Economy takes toll on Long Beach motorcycle show

The motorcycle industry has been in a major slump this year, but the local convocation of biker bigwigs, flashy steel and looky-loos will go on this weekend -- on a diminished scale.

The International Motorcycle Shows, which for 29 years has traveled the country showing off its latest and greatest technology and products, makes its annual stop at the Long Beach Convention Center.

But the show will have nearly 9% fewer exhibitors and will be missing some of the industry’s major players.

Piaggio, which owns the Aprilia, Vespa, Moto Guzzi and Piaggio brands, won’t have a display, opting instead “to put more dollars into helping our dealers move inventory with direct-to-consumer programs,” said Gary Pietruszewski, vice president of sales for Piaggio Group Americas.


Also AWOL are Austrian manufacturer KTM, Taiwanese scooter maker Kymco, bankrupt electric scooter company Vectrix and Buell, the 26-year-old sport bike brand that owner Harley-Davidson Inc. shut down in October.

“This show is reflecting the economic climate,” said Robert Pandya, spokesman for the Cycle World International Motorcycle Shows. “We’re definitely seeing some areas where manufacturers are cutting back, so we’re seeing some changes this year.”

There will be 10% fewer bikes on the floor at Long Beach this weekend -- just 650 compared with the 725 that graced the red carpet last year. Total vendors dropped to 193 from 211 last year. And about half as many manufacturers will be offering demonstration rides: down to six from 13 last year.

But the public is still showing up, so far.


Attendance at the two previous shows this season -- in Dallas and San Mateo, Calif. -- was down just 3.5% from last year, and visitors are staying at the shows 20% longer, Pandya said.

That reflects continued interest in motorcycles, but few people are buying. Motorcycle sales through the first nine months of this year were down 43.7% from the same period a year earlier.

The show’s sponsor, hoping to attract more consumers in a still-struggling economy, has restructured ticket prices. The price at the door rose to $15 from $13, but those who buy early or online or take advantage of Friday’s ladies night or Sunday’s family day get discounts.

“There’s a little bit of a bang for the buck mentality” at this year’s show, Pandya said.


What’s driving the attendance are “new models,” Pandya said. “This is still an enthusiast-driven business, and anything that’s new and exciting is definitely a draw.”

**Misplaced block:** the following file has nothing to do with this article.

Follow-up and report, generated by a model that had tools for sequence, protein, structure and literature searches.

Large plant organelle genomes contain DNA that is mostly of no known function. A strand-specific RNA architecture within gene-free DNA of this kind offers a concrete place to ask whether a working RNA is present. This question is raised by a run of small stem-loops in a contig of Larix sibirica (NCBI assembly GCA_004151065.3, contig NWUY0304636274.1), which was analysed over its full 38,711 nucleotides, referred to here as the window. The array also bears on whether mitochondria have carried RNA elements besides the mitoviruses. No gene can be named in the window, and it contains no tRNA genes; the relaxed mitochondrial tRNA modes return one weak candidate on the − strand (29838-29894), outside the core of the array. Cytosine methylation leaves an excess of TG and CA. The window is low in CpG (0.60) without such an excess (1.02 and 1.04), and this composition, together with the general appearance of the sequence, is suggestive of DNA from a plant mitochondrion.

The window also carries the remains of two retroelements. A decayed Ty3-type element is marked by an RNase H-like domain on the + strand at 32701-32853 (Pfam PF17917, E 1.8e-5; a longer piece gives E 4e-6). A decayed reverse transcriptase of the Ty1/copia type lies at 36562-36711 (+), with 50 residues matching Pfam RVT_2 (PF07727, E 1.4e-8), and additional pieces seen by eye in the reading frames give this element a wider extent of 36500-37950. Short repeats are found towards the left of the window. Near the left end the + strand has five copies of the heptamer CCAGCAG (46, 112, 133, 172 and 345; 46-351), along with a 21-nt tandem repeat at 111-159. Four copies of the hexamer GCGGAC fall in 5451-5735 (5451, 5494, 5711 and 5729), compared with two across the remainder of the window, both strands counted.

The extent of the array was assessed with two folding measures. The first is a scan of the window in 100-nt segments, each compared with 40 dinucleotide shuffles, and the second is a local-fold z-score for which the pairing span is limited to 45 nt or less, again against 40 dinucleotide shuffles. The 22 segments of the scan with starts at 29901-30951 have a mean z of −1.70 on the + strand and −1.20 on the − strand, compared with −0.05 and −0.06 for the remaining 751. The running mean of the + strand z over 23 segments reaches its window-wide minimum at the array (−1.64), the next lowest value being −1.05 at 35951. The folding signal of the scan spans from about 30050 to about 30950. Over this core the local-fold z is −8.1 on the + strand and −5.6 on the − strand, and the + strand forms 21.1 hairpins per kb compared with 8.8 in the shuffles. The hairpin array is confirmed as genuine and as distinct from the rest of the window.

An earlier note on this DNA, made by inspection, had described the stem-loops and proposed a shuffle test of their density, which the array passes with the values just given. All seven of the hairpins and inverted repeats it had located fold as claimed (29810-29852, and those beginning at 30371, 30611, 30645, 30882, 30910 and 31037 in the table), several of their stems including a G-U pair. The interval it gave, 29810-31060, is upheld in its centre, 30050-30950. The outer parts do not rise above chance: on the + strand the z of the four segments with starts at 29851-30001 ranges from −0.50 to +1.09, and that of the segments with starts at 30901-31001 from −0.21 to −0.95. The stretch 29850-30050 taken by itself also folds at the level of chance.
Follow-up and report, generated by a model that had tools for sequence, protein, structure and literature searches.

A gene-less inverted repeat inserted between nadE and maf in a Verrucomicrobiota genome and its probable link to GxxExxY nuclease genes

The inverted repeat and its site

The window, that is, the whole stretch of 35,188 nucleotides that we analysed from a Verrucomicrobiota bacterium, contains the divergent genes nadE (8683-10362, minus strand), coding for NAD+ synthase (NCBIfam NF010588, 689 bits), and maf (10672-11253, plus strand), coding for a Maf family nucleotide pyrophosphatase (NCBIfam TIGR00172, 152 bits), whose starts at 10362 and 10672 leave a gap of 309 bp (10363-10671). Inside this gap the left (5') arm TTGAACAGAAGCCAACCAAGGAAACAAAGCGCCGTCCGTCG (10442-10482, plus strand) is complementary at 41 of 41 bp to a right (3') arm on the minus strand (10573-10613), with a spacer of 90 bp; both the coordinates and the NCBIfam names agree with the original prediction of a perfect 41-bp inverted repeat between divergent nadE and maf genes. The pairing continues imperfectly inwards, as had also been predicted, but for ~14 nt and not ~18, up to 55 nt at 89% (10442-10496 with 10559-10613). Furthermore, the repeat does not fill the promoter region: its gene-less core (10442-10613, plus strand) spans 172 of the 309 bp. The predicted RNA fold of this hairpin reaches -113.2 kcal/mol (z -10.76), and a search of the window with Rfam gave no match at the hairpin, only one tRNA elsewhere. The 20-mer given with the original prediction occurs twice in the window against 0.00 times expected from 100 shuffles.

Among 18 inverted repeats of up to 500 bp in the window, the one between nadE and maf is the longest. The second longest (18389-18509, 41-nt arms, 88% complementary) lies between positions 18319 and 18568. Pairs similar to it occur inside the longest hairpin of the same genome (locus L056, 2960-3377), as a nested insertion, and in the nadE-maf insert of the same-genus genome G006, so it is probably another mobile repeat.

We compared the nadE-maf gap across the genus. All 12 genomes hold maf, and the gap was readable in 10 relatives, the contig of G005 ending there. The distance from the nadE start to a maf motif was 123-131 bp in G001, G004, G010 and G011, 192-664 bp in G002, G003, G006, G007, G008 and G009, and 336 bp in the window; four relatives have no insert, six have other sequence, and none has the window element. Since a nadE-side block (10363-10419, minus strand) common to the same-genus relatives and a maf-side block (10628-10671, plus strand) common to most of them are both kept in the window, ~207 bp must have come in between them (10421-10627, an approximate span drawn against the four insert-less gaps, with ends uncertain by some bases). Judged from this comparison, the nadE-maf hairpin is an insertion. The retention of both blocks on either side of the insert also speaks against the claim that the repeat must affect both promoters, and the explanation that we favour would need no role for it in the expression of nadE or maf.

Many of the new machines on display this weekend reflect the years-long gestation period required to bring a bike to market. The unofficial theme of last year’s show was affordable commuting with fuel-sipping motorcycles and scooters. This year, it’s speed and technology.

Honda is offering 10 new bikes for next year, including the highly anticipated, four-cylinder VFR 1200 sport bike with its dual-clutch automatic transmission and paddle-style shifter.

Yamaha is showing off its YZ450F, cut in half at the show to display the motocross bike’s bilateral beam frame and backward-slanting cylinder. And Ducati will unveil its new supersport tourer, the Multistrada 1200, for the first time outside of Italy.


“For us, [the shows] are about PR value,” Ducati spokesman John Paolo Canton said. “It puts bikes in front of everyone. They can touch, feel and sit on them, which is important for us because people still think we’re a premium brand that nobody can afford.”

The Long Beach stop, in particular, is well attended by the country’s motorcycle press, most of which is based in Southern California. And that drives publicity for the bikes.

Forrest North, founder and chief executive of San Francisco electric sport bike maker Mission Motors, welcomes the comments he gets from customers at the shows.

“Being there, we get huge feedback about what they like, what they don’t, would they ride one,” said North, whose company is building a high-end electric superbike that, as a prototype, has already set a land speed record for an electric bike at 150 mph.


For the manufacturers at this year’s show, it is not only about exposure but also the belief that the economy won’t stay sour forever.

“We’ve got a great product that we just launched and we want to show it,” said Gene Chang, chief executive of Lance Powersports in Ontario.

As a first-time participant, his company will have a low-cost kiosk instead of a large exhibit space. Lance’s latest bike is a $1,999 scooter called the Cali Classic 125, which, like its nine other models, is designed in Taiwan and assembled in China.

Scooter sales this year have had a rougher time than the overall motorcycle market, dropping 62% in the first nine months this year. But Chang is undaunted.


“We’re in this for the long term,” he said. “We believe the economy will come back, and we believe our scooter is a great alternative transportation.”